Years ago when I spoke with Richard Voit (who tried to resurrect the Bren Ten as the Peregrin Falcon and Phoenix) he stated that when Dornaus & Dixon Enterprises closed up shop all their records were sent to the A.T.F., but then when I contacted the agency in hopes of possibly getting a concrete production number they informed me that they had no such records and that therefore the current owner of the rights to the Bren Ten must have them.  At the time this would have put them back with Voit and Peregrin Industries.  According to the law these books are supposed to be maintained, so they must be somewhere.

In an attempt to scrounge up even the smallest scraps of information regarding production numbers I started keeping track of online sales (primarily from Gunbroker, Auction Arms, and Guns America).  This gave me a starting point, but I soon realized that this would reveal only a small percentage of the guns as most serious collectors will keep their precious Brens.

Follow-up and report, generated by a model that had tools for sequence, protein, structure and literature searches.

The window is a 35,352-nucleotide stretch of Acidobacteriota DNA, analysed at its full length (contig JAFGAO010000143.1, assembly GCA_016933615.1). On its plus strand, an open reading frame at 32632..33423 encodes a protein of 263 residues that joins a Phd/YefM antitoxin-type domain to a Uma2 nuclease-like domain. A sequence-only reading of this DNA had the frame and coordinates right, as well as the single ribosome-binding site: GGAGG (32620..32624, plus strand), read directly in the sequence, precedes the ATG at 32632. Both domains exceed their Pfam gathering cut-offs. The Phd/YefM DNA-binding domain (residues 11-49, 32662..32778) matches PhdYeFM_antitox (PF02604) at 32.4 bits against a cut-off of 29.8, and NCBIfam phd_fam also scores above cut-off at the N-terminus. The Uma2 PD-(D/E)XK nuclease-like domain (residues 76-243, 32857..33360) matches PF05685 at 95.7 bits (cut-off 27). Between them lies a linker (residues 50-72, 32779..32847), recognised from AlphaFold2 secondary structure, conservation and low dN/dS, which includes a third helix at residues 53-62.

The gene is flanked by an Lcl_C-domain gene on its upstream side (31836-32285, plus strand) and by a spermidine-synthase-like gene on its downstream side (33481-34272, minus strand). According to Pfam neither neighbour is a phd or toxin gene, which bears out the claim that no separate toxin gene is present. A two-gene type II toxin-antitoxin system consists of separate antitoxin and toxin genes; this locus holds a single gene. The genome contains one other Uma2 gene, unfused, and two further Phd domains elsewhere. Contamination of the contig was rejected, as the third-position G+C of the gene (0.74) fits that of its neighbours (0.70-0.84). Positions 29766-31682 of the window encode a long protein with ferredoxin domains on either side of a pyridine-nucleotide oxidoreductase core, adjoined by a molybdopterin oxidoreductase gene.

I just recently started searching for pictures of Bren Tens on the internet.  Trying to keep things as verifiable as possible I only recorded guns from pictures where the serial number is plainly visible.  This method seems to be providing more numbers, but of course it doesn't provide any help in establishing the going price for a particular model of Bren Ten.

I have put this information into an Excel spreadsheet.  If it was an auction I have included the final price and the date sold, as well as any accesories or other noteable information about the gun.  If it was simply a picture I found I included the website URL and the date it was added to the database.  You can download the most recent version of the Excel spreadsheet by clicking on the link to the right.

If you have a Bren and would like to add it to the database I will require a picture that shows the serial number.  I will NOT include any personal information in order to protect your identity.

Bren Ten Model & Serial Numbers Excel Spreadsheet
as of 2/25/20